McCook Daily Gazette McCook, Nebraska--Wed.--Oct. 18, 1997




By Jon Wacker


Listening to the Tom Prin Trio is like wearing your favorite pair of slippers.  It is really comfortable and just makes you feel good.

The first concert of the 1997-98 McCook Concert Association season featured a jazz performance by the Tom Prin Trio at the McCook City Auditorium.

Prin's piano playing was accompanied by Bruce Calin on acoustic bass and Bruce Wintervold on drums.  The group presented a variety of familiar jazz and popular music in several different styles, demonstrating what a wide range of sounds can be produced with a simple orchestration.   Throughout the show, the balance was just right, which is a treat these days when often the only balance some groups achieve comes from a mixing board.

The trio opened with a classic jazz treatment of "Sweet Georgia Brown," improvising several variations on the melody and each musician taking a solo.  Other pieces given this treatment were Irving Berlin's "Cheek to Cheek" and Duke Ellington's "Take The A Train."  Two other classic tunes the group played were "Up A Lazy River" which was given a latin beat and a medley of Dave Brubeck's songs.

I had forgotten what a lovely tune Henry Mancini wrote when he composed the soundtrack for The Thornbirds.  The bassist played a drone while the pianist presented a simple folk-like arrangement, accompanied by simple percussion.  Wintervold's percussion work was always well done and right on target.  He used mallets, brushes sticks and even his hands to provide a solid rhythmic background.

Perhaps the real indication of how comfortable this group is with their music and their audience came after intermission when Prin asked for requests.  He then sat down and improvised a medley from the requests, with the other two musicians jumping in on several tunes.  It was a treat to see this kind of interaction and to appreciate what these musicians were doing for their audience.

Bruce Calin's bass playing was very enjoyable and he put a lot into his accompaniment work.  During "Dark Island," a Scottish folk tune, his use of harmonics had a wonderful effect.  Tom Prin's piano work was also a pleasure to listen to and to watch.

There were many other highlights to numerous to include here.  There were a lot of smiles on faces and a lot of good words heard as people left the concert.  This was a great way to begin the concert association year.  The Tom Prin Trio gave their audience a solid collection of familiar tunes and great musical talent to remember. 


About the reviewer:  Jon Wacker serves on the board of the McCook Arts Council, is one of the directors of the McCook Community Chorus and directs the handbell program at Memorial Methodist Church in McCook.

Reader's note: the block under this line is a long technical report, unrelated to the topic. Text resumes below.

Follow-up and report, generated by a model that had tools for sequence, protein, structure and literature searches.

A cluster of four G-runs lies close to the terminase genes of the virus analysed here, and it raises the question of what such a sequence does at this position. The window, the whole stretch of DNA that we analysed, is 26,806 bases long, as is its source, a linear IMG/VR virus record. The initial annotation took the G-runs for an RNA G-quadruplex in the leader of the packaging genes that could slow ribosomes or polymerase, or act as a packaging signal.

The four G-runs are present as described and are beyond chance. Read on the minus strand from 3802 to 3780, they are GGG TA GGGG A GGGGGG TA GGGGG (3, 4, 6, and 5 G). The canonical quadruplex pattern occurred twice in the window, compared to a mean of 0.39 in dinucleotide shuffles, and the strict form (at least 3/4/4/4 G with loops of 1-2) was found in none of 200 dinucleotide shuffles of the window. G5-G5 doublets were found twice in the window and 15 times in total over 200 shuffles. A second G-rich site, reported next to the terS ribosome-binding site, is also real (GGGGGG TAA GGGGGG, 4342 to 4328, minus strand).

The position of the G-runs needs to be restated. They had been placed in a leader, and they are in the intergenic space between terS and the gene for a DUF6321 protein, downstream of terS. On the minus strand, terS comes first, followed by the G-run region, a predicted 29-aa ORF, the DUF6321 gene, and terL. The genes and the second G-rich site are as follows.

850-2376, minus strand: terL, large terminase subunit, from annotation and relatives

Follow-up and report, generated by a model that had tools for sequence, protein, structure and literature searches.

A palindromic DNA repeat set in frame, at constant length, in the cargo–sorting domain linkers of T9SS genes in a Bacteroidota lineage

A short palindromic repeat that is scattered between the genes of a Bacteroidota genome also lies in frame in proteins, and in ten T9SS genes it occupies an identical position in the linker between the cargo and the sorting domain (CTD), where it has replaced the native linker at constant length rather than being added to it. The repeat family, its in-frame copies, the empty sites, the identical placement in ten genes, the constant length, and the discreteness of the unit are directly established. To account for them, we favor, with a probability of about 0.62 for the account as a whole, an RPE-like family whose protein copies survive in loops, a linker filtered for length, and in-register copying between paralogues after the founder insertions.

The Daily Reporter --Spencer, Iowa--Feb. 2, 1989



By Gretchen Hagedorn

When a person needs an evening of easy listening, the Tom PrinTrio fits the assignment.  My favorite jazz arrangements of the recent concert were;

Sweet Georgia Brown, Memory from Cats, Medley from Les Miserables, Take The A Train, Brubeck Medley and Up A Lazy river.  

These three men compliment each other playing their arrangements of jazz and popular show tunes.  Tom Prin is a terrific piano player with very strong hands that flow over the ivories with authority.  His fun loving personality showed when he wore bright red argyle socks just to see if anyone noticed.

Bruce Calin, the string bass player, was fantastic.  He was very knowledgeable with his technique and it was fun to watch his fingers move so quickly over the strings.

Jack Bertelsen, drummer, added just the impeccable time and taste of percussion work.  Jack's smooth and tasteful playing was the backbone of the trio.

Tom Prin asked for requests from the audience.  He played our favorites: The Sting; New York, New York; and September Song.

The concert was presented by the Spencer Area Concert Association.



The Weekly Vista--Bella Vista, Arkansas Nov. 18, 2000


By Marilois Bach

The Tom Prin Trio wound up this year's season of the Performing Arts Association series at Riordan Hall recently.  The versatile trio delighted the crowd with their interpretations of favorite jazz, contemporary and gospel music.  It was not New Orleans jazzÉthey label it "swing" jazz, sweet and gentle.

The three talented men hail from Minnesota, and their jazz is more Guthrie Theatre than Preservation Hall. The man at the keyboard, Tom Prin, is connected with St. Olaf College.  Percussionist Bruce Wintervold is part of the Minnesota Orchestra and the University of Minnesota.  Bruce Calin, on the bass, added a magic touch to every number.  The "hep cats" are all from the north.

The Ellington number was excellent.  Gershwin was gorgeous, and "Amazing Grace" was truly amazing.  But when the Saints came marching in, it was the New Orleans variety.  It was a great show!